The 1980s can be defined in one word: us. For that’s the decade when Americans began to cast off the memory of the Watergate scandal and the lost Vietnam War of the 1970s. Consumerism, especially materialism, was in vogue and global trade brought the first cars from Yugoslavia, Brazil and South Korea to the US marketplace. Three foreign models and two cars from Cadillac were among the five forgettable cars sold during the 1980s.
1. Zastava Yugo GV
If there was any vehicle from the 1980s that should be beaten with an ugly stick, the Yugo GV was it. Produced by Zastava, a Yugoslavian automotive manufacturer, the Yugo GV was based on an aged Fiat design. That alone should have clued in buyers that this sub-$4,000 subcompact was not a competitor in the small car market. Notably, its 55-horsepower four-cylinder engine failed prematurely and owners complained about its faulty electrical system, poor transmission shifter, and bad brakes.
Yugo managed to hang on for seven years even as its American subsidiary went bankrupt and an updated model was introduced just before the GV (stands for good value) was canceled in 1991. This model would certainly be forgettable except for the simple reason that it keeps showing up on everyone’s list of the worst vehicles of all time. Sorry to remind you.
2. Cadillac deVille V8-6-4
The Cadillac deVille of the early 1980s was a good car or as good as what General Motors was producing at that time. In the early 1980s, GM engineering developed a V-8 engine that could shut down two to four cylinders in a bid to save fuel. The 6.2-liter V8-6-4 engine was outfitted with a computer command module that managed cylinder operation. Unfortunately, that system was years ahead of its time and failed. Despite more than a dozen updates, GM had to cancel the technology after just one model year and restore all sold V8-6-4 engines to V8-only status.
Today, GM makes use of what they call “active fuel management” in many of its vehicles with that technology successfully shutting down unneeded cylinders to save fuel. Redemption is so sweet: just forget the dud technology from three decades earlier and concentrate on what’s available today.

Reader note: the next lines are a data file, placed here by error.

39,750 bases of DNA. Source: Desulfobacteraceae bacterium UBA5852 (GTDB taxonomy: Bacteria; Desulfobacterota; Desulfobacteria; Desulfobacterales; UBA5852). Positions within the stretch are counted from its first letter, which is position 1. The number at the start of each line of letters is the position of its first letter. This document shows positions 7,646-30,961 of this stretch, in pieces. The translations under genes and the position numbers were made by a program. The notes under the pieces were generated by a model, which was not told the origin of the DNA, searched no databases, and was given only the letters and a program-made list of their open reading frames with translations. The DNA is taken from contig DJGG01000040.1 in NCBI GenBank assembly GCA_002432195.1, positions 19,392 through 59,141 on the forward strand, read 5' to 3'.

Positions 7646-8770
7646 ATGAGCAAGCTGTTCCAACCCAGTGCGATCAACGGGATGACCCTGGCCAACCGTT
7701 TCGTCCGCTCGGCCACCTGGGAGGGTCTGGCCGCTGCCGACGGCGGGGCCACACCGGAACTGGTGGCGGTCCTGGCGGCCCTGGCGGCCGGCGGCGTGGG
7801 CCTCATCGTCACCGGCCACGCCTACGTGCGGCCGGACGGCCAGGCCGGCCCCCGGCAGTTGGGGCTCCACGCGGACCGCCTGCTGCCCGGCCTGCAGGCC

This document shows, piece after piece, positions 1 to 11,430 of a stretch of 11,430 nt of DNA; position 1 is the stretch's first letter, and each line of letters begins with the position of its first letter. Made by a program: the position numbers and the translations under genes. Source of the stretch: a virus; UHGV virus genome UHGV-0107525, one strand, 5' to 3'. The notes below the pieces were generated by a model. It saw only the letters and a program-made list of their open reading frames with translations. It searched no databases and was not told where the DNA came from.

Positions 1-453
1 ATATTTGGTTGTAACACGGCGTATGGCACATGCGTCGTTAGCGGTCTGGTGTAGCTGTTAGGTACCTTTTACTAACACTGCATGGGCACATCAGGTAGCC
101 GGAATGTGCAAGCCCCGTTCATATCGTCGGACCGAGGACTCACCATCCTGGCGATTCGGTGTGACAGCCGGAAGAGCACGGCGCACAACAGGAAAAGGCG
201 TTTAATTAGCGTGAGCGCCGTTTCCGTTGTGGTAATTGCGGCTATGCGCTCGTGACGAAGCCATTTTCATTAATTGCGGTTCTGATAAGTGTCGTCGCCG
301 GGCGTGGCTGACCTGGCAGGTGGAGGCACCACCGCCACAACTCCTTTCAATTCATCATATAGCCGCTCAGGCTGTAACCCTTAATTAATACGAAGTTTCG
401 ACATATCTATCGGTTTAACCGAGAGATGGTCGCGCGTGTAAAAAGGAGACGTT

3. Volkswagen Fox
Volkswagen’s hold on the compact vehicle segment began to slip in the 1970s as Toyota, Nissan (Datsun), and Honda entered the US market. By the 1980s, this German car manufacturer wanted to expand its North American product line by introducing a low-cost model. Volkswagen turned to its Brazilian subsidiary for that car, the Gol, renaming it the Volkswagen Fox for the US market.
It wasn’t that the Fox was a terrible car. Rather, it was bland and did very little to bolster Volkswagen’s US image. At that time the Golf and the Jetta were its two most important models, joined in 1990 by the Passat sedan and wagon. 1993 was the last model year for the North American Fox, a model that is still produced in Brazil, but now represents a subcompact vehicle.
4. Hyundai Excel
The first model Hyundai shipped to the US was the Excel, a subcompact hatchback based on the Mitsubishi Precis. It was also available as a sedan when it went on sale in 1985. This car is simply forgettable for the reason that it was also unremarkable, representing this Korean manufacturer’s initial attempt to penetrate the US market.
The Hyundai Excel hung around for nine years and was soon joined by a coupe variant called the Hyundai Scoupe. When introduced, the Hyundai Excel retailed for $4,995, which means it was priced lower than its Japanese competitors. However, quality issues surfaced including consumer complaints that the paint faded, body panels were wavy, and the window cranks failed. Later, Hyundai invested huge sums of money to raise quality levels and began backing their vehicles with 10-year, 100,000-mile warranties. The impressive quality of today’s Hyundai vehicles makes forgetting the Excel an easy thing to do.
5. Cadillac Cimarron
If there is any particular model that represents Cadillac’s earlier decline as a luxury manufacturer, the Cadillac Cimarron may be it. GM tried to qualify what customers were getting by calling this compact sedan “Cimarron by Cadillac” as if it wasn’t a Cadillac model. The biggest problem with the Cimarron is that is looked suspiciously like a dressed-up version of the Chevrolet Cavalier and it was. Worse, all three other GM car brands of that era were given like models, further diluting the Cimarron.
The Cadillac Cimarron represents a classic example of what happens when you take short cuts. GM, in need of a small car for Cadillac, chose not to invest the required money to build a unique model for its premier division. Cadillac sold the Cimarron for six years before the plug was pulled. By that time customers were leaving the brand in droves as upstart luxury marques from Japan (e.g., Infiniti and Lexus) began making inroads.
Just Forget About It
No matter the decade, there will always be a handful of models that stand out, but for all the wrong reasons. Manufacturers hope that you forget them as they seek to remedy past mistakes by fielding newer and improved models.
See Also — 5 Forgettable Cars From the 1970s